In my hug at home — okay, my daughter’s hug, not mine — we have a very sweet, cuddly little guy that is named Charlie: So Beary Sweet. She received it at her school’s FUN DAY grab bag. Just think about that: she could have pulled anything out of that giveaway pouch, and she ended up with a teddy bear. Plus, a teddy bear that just happened to be called Charlie. I think this Carl Jung observation is holding more and more true. The Precious Moments Charlie bear had been sitting among all of her other bears and critters, and she never paid the bear any particular affection. It was just one of many.
Then suddenly one day, it was as if an alarm clock buzzed in her head, or a skyrocket soared across her cerebral sky. She came downstairs with the bear in her arms and said, “I have a bear named after Uncle Charlie. I was going to call it ‘Sweetie Pie,’ but he already has a name. I think he will be my memory bear.”
And, yes, he has become just that. He has been given a place of honor and he reminds my daughter of the generosity that she received from her great-uncle during his lifetime. My uncle treated us to a once-in-a-lifetime family getaway to Disney World, where my son and daughter were entirely enraptured by the Magic Kingdom, a theme park that really lived up to its name.
The Duffy bear that my daughter bought was swiftly named Charlie Duffy to honor my uncle’s benevolence, and she carted it around like 6-year-olds do. Sadly, three years later, when she brought Charlie Duffy to a slumber party, he fell victim to a secretive Labrador who covertly seized that poor stuffed animal and dragged him into the corner of the house. The next morning, all that remained were some slobbered-upon limbs and stray pieces of stuffing. The dog had pulled that poor Teddy apart!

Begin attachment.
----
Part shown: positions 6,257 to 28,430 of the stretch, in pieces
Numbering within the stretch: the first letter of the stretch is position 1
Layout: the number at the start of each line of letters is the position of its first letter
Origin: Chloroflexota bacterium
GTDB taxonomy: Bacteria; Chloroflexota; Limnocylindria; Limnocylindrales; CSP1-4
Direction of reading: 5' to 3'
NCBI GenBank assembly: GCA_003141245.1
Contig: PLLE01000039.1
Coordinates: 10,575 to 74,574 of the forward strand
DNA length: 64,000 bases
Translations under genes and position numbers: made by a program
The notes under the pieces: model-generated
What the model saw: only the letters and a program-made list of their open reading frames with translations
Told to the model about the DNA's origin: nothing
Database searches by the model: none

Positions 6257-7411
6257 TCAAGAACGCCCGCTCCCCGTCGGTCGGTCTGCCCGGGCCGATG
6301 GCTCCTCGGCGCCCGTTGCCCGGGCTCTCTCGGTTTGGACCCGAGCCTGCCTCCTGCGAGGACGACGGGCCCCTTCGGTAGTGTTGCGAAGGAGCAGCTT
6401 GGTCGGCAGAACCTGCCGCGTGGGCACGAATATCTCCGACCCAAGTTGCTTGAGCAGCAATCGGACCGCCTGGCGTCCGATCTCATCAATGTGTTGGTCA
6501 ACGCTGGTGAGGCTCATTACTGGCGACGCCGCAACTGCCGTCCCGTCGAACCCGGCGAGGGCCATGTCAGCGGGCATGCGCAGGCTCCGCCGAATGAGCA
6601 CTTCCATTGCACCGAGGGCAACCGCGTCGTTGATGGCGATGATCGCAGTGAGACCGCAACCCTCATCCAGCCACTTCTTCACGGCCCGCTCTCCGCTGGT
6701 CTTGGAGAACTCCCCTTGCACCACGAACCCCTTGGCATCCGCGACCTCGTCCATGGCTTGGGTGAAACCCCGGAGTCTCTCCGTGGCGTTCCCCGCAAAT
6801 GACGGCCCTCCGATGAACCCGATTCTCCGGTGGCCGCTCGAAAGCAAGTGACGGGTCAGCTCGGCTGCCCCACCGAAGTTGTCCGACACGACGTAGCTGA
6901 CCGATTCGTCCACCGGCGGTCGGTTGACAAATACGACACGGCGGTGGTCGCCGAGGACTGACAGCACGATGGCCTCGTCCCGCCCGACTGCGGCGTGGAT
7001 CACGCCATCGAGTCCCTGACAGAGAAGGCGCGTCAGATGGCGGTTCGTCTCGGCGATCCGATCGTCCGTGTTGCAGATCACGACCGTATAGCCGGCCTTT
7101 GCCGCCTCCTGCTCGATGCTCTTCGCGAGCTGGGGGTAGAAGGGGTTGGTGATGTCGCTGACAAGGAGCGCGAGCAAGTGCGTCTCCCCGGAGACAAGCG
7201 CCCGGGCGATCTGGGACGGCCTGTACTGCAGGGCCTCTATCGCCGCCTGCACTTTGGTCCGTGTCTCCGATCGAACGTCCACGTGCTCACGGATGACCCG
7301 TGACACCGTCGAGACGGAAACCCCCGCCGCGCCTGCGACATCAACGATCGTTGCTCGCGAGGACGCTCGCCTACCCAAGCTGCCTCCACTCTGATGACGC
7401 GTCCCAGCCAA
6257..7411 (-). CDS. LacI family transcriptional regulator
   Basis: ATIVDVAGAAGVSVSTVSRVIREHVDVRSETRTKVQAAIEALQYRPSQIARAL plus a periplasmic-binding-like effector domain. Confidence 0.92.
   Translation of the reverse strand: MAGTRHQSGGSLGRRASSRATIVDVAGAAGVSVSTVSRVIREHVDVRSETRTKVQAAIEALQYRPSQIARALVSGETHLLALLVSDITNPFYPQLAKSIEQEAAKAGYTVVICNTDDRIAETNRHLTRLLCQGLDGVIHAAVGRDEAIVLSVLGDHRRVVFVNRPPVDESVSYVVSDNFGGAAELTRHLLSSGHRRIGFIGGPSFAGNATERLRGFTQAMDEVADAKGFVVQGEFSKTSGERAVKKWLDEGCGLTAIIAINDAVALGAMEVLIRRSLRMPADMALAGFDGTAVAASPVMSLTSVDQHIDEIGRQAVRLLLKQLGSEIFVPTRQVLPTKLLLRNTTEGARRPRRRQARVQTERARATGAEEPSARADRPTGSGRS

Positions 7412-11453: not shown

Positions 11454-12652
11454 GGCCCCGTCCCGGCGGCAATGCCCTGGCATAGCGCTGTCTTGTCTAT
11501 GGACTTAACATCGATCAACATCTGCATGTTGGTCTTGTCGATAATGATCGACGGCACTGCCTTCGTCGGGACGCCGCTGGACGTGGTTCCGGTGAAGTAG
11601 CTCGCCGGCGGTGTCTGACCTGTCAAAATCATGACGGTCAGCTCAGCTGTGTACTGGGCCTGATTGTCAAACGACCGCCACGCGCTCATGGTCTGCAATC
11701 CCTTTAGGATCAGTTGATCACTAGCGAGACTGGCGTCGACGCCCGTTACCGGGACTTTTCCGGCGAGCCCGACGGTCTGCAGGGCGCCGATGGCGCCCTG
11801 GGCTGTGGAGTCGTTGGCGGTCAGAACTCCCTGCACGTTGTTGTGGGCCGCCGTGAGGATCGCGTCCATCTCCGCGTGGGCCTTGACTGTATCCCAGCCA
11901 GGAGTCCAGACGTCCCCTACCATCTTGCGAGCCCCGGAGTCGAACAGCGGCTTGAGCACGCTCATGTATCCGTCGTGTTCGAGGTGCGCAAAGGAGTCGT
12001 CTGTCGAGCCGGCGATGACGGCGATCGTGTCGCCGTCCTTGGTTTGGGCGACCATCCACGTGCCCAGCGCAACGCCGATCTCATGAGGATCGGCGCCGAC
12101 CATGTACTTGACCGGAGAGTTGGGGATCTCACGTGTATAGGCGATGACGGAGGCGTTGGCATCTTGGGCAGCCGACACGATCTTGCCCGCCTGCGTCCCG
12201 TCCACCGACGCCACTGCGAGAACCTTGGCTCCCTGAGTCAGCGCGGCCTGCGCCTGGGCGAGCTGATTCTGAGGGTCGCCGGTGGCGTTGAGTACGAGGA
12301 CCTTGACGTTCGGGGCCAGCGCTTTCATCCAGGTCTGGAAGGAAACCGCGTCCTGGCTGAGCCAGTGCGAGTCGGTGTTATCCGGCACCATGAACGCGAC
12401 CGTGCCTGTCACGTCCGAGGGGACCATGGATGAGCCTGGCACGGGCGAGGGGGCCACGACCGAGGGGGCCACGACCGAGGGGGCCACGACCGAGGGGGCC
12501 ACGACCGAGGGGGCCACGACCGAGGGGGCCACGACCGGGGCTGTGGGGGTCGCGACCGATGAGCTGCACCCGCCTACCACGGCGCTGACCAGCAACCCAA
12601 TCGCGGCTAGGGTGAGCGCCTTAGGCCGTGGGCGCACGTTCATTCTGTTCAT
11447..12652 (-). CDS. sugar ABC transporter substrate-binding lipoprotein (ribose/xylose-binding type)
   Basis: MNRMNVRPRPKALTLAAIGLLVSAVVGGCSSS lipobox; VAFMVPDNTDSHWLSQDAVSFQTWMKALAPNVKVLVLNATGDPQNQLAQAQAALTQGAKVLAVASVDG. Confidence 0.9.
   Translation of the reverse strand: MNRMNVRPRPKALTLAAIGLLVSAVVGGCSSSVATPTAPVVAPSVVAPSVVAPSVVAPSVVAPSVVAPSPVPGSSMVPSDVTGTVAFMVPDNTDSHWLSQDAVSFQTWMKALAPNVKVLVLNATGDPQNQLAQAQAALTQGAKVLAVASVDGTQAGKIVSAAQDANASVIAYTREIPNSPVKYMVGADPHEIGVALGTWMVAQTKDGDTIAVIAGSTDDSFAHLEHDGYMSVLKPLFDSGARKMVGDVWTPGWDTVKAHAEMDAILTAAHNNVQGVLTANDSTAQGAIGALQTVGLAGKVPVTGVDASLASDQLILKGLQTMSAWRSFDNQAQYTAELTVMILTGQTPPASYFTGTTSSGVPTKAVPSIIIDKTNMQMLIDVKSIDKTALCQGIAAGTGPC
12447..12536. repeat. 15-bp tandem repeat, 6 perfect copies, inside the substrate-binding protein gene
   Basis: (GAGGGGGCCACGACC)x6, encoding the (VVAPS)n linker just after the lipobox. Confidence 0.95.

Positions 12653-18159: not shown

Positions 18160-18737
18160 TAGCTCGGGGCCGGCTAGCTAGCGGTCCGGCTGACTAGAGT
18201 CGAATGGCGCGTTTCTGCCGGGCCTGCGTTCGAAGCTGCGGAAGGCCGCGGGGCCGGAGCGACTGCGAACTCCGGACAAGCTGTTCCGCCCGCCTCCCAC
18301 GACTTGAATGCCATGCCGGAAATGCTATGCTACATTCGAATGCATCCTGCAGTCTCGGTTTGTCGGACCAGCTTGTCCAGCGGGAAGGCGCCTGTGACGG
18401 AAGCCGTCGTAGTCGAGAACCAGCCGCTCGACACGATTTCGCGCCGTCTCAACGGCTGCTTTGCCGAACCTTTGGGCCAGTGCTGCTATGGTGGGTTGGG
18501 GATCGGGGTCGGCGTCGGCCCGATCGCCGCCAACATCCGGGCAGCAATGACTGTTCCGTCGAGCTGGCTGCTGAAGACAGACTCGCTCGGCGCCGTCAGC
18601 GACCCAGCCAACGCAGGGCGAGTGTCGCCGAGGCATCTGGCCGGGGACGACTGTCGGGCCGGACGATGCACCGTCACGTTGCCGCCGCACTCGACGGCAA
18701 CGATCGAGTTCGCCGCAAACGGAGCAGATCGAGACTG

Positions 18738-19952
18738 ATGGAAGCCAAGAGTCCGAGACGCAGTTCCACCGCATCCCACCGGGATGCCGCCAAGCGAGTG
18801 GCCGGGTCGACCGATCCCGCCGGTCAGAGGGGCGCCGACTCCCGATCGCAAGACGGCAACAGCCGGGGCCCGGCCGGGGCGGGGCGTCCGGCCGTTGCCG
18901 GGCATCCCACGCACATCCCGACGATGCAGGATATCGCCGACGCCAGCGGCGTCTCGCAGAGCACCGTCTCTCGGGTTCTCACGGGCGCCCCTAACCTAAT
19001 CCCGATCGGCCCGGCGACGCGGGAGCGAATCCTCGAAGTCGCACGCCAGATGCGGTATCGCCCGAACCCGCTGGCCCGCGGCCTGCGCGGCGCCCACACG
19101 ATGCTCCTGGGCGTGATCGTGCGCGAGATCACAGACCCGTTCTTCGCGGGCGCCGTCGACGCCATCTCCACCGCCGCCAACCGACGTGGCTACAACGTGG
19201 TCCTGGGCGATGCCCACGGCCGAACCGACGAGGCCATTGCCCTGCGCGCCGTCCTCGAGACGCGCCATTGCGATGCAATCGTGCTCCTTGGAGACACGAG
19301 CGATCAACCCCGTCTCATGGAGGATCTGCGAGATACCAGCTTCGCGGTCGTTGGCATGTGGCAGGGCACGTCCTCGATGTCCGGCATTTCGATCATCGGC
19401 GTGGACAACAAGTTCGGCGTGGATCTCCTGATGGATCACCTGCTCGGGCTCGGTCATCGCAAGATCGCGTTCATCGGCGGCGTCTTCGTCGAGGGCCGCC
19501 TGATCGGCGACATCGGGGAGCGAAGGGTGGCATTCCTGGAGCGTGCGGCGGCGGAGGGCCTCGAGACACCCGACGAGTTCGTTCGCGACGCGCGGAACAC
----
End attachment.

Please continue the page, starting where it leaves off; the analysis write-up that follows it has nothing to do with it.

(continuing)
So, having a bear to remind my daughter of her uncle — and a bear that didn’t meet a miserable, masticating end — is indeed a godsend. She’s lucky to have it. I think all of us in the teddy bear world are fortunate to have cuddly and huggable companions that can absorb our tears of gratitude and sorrow, our tears of laughter, love, and living.
Teddy bears matter to us because they represent particular moments, places, and people who have held significance and connections to us. Receiving a teddy bear as a gift or buying one for yourself may seem like an independent, random action. What could the universe hold in store for you? But look at this bear, and think about what it has grown to mean to you, and seriously consider if it could have had any other outcome and connection to your emotions. Probably not.
The long and the short of it is, teddy bears are synchronous with our deepest desires and our most heartfelt wishes. They don’t randomly become our lifelong companions; they are destined to be that. Teddy bears most assuredly do hold magic. Just ask my daughter’s Charlie bear — it will silently agree. And, for me, seeing a bear and then spotting a smile is synchronicity at its best.